Home' Otago Southland Farmer : October 19th 2012 Contents 6
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Investing in innovation
Future prosperity lies in bolstering primary industry
There is a wealth of opportunity for
New Zealand's farmers and
growers. We are rich in natural
resources and we sit on the
doorstep of the world's fastest
Anew school opened its
doors in New Zealand
this month -- not just
any school, but the
cooking school with
the famous French name and long
English connection, Le Cordon
It's great news for our hospitality
industry that the school which
first opened in Paris in 1895 has
chosen Wellington for a new
home, and will eventually be
training up to 300 budding
What I was particularly pleased to
hear was the comment made by
the president of Le Cordon Bleu
International Andre Cointreau
that New Zealand's strong
reputation for food and wine
made it ''a perfect fit'' for the
He went on to say, ''It's a rather
''Where is another country who
has so much agriculture, food and
This is a great vote of confidence
for New Zealand producers.
The people and businesses that
make up our primary industries,
from producers through to
processors and exporters, are
among the best the world.
Even in the face of a
tough global economy
and high exchange rates,
the outlook is good, with
There is a
farmers and growers.
We are rich in natural resources
and we sit on the doorstep of the
world's fastest growing region.
Growing our economy depends on
the primary sector.
After all, the agri-food sector
accounts for more than $24 billion
of exports, about two-thirds of our
total merchandise export
earnings. But to succeed further,
we need to increase production
and increase the value of what we
We need to be even more
innovative, build on our strengths
and continue to earn our
reputation for safe, high-quality
After all, this is the
drawcard that's attracted
to our shores.
sector to lift our export earnings
through more value-added
products, developed through
To get higher economic growth
and greater prosperity, New
Zealand as a whole has to keep
investing more in innovation --
it's as simple as that.
This is why I'm such a staunch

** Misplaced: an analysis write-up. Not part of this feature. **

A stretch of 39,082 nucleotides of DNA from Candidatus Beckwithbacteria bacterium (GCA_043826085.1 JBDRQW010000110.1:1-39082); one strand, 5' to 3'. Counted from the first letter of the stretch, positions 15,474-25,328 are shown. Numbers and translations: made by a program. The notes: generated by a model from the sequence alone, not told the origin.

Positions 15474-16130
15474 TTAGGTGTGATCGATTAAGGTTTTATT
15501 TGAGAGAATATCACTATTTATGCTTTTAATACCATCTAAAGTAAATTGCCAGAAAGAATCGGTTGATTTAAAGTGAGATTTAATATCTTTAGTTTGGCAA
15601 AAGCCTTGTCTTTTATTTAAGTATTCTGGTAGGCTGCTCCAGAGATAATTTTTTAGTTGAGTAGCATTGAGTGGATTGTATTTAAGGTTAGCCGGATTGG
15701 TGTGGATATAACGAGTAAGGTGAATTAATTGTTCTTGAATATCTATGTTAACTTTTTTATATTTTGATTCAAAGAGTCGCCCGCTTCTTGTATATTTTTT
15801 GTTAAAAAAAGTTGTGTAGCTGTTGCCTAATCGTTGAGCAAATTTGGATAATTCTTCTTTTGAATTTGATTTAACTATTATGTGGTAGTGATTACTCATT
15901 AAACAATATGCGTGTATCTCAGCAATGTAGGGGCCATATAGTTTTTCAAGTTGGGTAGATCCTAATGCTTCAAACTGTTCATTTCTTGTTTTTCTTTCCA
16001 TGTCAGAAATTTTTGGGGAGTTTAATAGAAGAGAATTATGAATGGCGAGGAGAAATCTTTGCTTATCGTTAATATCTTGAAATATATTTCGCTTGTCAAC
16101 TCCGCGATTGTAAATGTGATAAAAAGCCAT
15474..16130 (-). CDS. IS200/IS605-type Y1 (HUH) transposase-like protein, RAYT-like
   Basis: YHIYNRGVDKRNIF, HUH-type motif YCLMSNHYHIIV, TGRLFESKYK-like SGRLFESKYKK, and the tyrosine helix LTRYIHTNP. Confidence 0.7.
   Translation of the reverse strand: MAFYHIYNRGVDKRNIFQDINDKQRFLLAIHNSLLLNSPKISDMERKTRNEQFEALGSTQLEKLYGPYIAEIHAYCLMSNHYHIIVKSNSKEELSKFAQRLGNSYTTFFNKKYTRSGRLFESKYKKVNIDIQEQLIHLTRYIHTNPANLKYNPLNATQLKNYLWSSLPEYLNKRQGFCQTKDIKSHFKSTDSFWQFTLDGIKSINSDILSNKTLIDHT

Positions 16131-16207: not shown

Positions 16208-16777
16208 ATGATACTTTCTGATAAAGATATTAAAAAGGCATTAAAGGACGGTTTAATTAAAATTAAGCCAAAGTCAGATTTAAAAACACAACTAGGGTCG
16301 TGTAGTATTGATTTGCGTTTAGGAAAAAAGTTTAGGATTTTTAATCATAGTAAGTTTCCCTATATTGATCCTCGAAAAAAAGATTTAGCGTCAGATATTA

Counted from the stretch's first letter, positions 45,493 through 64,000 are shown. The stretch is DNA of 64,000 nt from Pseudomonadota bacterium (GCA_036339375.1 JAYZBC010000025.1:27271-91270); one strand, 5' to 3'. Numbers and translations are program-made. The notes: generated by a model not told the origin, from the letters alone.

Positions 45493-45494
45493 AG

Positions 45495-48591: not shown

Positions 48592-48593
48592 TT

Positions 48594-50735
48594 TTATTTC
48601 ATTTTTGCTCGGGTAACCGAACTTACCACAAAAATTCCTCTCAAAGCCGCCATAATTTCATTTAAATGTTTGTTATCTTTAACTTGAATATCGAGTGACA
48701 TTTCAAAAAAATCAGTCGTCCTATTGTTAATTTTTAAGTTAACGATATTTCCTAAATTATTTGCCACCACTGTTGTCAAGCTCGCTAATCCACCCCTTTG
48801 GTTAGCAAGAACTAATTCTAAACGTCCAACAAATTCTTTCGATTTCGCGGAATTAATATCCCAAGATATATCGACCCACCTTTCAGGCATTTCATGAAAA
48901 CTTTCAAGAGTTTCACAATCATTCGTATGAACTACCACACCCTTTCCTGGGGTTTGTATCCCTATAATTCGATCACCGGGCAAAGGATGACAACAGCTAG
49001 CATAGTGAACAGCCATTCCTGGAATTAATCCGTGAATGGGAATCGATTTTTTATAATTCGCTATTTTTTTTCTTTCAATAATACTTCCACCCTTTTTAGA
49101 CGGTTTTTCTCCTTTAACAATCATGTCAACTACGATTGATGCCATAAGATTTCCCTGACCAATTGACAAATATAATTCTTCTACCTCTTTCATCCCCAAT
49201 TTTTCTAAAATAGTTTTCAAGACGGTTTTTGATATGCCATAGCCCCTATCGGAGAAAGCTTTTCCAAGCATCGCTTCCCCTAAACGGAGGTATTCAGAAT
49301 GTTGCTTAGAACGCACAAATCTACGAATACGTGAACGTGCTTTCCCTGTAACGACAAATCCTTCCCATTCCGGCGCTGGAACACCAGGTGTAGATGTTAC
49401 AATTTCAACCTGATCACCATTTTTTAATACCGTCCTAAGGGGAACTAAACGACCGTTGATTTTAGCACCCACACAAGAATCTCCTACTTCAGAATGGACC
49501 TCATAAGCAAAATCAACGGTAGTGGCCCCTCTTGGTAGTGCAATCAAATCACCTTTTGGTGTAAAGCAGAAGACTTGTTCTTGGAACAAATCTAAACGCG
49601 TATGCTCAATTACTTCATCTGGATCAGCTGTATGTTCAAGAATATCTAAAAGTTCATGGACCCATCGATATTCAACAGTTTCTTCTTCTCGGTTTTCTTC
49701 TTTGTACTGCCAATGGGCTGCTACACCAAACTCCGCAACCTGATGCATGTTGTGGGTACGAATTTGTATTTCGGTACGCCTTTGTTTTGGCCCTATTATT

champion of the Primary Growth
Partnership which has now
pledged around $600 million
towards cutting-edge primary
sector research and innovation.
This is the most ambitious R&D
programme of its type ever seen
in New Zealand, and I'm very
proud of the commitment shown
by industry to work with the
Government to lift primary
production to a new level.
In three years, PGP has been an
outstanding success -- attracting
proposals across a broad
spectrum, from dairy, red meat
and wool to seafood, manuka
honey and forestry.
And I know there are plenty more
ideas in the pipeline.
As I have said many times, every
New Zealander stands to benefit
from innovative investment in
the primary sector because our
food, fishing, fibre and forestry
industries are the key to our
David Carter, Minister for
Farm safety statistics have
revealed a slight decrease in on-
farm injury claims for 2011, but
Federated Farmers remains con-
cerned that farmers are still
taking too many risks and
endangering their health, lives
Statistics New Zealand's work-
related injury ACC claim stat-
istics show claims over the past
three years decreased from 250
per 1000 fulltime equivalent
workers (FTEs) in 2009 to 211 last
However, Federated Farmers
health and safety spokesperson
Jeanette Maxwell said 28,100
claims in the 2011 year was far too
''It is vital for everyone in New
Zealand's primary sector to
realise that the old 'she'll be right,
it won't happen to me' attitude is
letting us down, not only costing
our farmers billions of dollars in
lost productivity annually, but
also placing a huge emotional
strain on many rural families,''
Ms Maxwell said.
The Federation has developed an
agriculture specific Occupational
Safety and Health manual to
cover farming situations.
This is available to all farmers to
buy, with a discount for Federated
Farmers members by calling 0800
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